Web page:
With ban on Internet in Valley, plastic money is unusable too

Internet services in the Valley have been suspended since July 8, when Hizbul Mujahideen militant Burhan Wani was killed and protests began.

Written by Bashaarat Masood | Srinagar | Updated: November 14, 2016 5:38 am
kashmir, kashmir unrest, kashmir curfew, friday prayers, kashmir prayers, kashmir friday prayers, india news, indian express In Srinagar’s business hub of Lal Chowk and Residency Road, only one departmental store was accepting debit and credit cards. Only one in more than 100 petrol pumps in the Valley had access to broadband Internet.

As shops opened on Saturday evening, former chief minister Farooq Abdullah arrived in Lal Chowk. Left without cash after the demonetisation of Rs 500 and Rs 1,000 currency notes, Abdullah shopped on credit. “I did not have cash, so I told the shopkeepers I will pay later,” Abdullah said.

Watch What Else Is making News

The National Conference leader was able to shop on credit, unlike most people in the Valley. The ban on mobile Internet has compounded their problems — it has severely limited their ability to purchase items with debit and credit cards.

“I had no money for a medical test,” said Zubair Ahmad, an engineer. “After finding three ATMs out of service, I finally managed to withdraw Rs 2,000. But the test cost Rs 2,400. I wanted to pay by debit card but they refused, saying their POS (point of sale) machine was not working because of the Internet ban. My friends finally bailed me out.”

Internet services in the Valley have been suspended since July 8, when Hizbul Mujahideen militant Burhan Wani was killed and protests began. The government later restored landline broadband Internet connections, but there are less than 6,000 broadband subscribers in the Valley. The POS machines provided by banks — mostly J&K Bank and HDFC Bank — access mobile Internet through SIM cards. With mobile Internet down, the POS machines are defunct.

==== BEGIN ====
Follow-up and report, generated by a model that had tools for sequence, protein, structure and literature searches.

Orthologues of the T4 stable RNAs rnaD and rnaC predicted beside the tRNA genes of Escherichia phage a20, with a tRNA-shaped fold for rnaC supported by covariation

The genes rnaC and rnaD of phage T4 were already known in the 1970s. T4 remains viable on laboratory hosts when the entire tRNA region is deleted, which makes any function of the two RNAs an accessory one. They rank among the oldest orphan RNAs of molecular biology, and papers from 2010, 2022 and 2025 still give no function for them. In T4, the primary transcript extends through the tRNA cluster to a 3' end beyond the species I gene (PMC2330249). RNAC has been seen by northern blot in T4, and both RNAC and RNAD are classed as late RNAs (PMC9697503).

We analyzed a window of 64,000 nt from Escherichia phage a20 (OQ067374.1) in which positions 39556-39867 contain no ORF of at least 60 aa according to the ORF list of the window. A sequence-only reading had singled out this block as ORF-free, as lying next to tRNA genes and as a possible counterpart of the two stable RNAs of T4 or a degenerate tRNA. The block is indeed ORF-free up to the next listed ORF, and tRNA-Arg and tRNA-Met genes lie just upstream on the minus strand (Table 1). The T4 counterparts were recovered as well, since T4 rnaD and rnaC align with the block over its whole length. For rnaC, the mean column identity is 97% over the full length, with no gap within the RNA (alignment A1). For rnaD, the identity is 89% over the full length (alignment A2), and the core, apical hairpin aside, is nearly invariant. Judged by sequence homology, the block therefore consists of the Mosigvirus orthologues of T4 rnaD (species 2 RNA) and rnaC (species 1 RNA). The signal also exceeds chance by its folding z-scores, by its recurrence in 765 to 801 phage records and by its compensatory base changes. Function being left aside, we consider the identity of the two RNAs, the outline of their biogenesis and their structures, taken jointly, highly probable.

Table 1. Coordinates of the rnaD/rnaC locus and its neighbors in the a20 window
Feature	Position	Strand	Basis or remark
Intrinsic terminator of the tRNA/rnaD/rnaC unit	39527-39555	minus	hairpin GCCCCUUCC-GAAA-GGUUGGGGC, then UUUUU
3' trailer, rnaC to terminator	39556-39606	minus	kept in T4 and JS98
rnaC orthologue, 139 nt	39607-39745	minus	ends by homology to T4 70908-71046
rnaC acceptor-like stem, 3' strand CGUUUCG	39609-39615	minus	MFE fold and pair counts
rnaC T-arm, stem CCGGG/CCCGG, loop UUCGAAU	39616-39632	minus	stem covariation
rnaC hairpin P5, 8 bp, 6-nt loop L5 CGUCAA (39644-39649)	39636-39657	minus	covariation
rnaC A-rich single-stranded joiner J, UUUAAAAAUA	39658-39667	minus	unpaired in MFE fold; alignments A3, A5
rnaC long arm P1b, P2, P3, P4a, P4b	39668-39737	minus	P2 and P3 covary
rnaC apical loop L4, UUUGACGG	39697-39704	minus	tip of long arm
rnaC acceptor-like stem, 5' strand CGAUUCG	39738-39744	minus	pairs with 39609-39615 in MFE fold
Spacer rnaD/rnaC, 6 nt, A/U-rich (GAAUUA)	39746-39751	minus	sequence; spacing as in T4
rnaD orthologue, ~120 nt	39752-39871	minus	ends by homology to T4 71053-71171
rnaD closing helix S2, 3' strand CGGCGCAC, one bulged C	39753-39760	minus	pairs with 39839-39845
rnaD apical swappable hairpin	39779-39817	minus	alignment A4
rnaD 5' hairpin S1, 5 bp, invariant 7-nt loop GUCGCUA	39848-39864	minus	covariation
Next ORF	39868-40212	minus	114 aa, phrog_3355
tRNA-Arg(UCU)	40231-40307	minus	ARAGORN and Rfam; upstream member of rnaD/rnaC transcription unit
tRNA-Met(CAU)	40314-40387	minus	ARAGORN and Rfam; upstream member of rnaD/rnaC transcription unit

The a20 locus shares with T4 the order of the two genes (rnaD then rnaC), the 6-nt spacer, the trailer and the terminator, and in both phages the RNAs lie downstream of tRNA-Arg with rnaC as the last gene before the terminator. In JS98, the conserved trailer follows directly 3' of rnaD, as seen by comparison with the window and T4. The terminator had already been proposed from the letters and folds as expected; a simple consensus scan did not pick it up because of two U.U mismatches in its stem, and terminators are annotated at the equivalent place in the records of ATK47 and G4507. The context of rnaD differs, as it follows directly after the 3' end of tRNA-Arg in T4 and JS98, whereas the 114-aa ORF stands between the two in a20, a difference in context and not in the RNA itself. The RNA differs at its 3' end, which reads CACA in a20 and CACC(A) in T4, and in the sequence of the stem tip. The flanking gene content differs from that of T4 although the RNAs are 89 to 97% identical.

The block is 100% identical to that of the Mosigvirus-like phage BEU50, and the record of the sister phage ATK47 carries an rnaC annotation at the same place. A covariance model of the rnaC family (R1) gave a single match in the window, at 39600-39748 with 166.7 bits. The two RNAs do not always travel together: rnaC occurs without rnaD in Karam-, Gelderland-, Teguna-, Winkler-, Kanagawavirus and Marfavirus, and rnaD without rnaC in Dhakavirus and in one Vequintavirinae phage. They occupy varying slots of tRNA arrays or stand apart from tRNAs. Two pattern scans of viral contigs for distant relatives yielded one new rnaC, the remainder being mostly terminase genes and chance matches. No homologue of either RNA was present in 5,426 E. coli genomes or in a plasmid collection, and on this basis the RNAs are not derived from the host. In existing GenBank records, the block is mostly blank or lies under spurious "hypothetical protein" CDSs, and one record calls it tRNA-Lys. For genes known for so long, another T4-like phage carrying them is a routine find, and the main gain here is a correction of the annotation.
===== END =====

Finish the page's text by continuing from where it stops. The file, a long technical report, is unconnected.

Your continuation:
In Srinagar’s business hub of Lal Chowk and Residency Road, only one departmental store was accepting debit and credit cards. Only one in more than 100 petrol pumps in the Valley had access to broadband Internet.

While the absence of online transactions is a concern in the Valley’s urban areas, there are few shopkeepers with the POS facility in rural pockets. “While most people have debit cards, it is useless for people like me,” said Nazir Ahmad, resident of Tangmarg. “I need cash for basic needs — milk, vegetables, meat. I can’t even buy medicines now.”

The state government said the people’s concerns were genuine. “You have flagged an important issue. It is a genuine concern,” government spokesperson and Education Minister Nayeem Akhtar told The Indian Express. “I will apprise Chief Minister Mehbooba Mufti about it,” he added.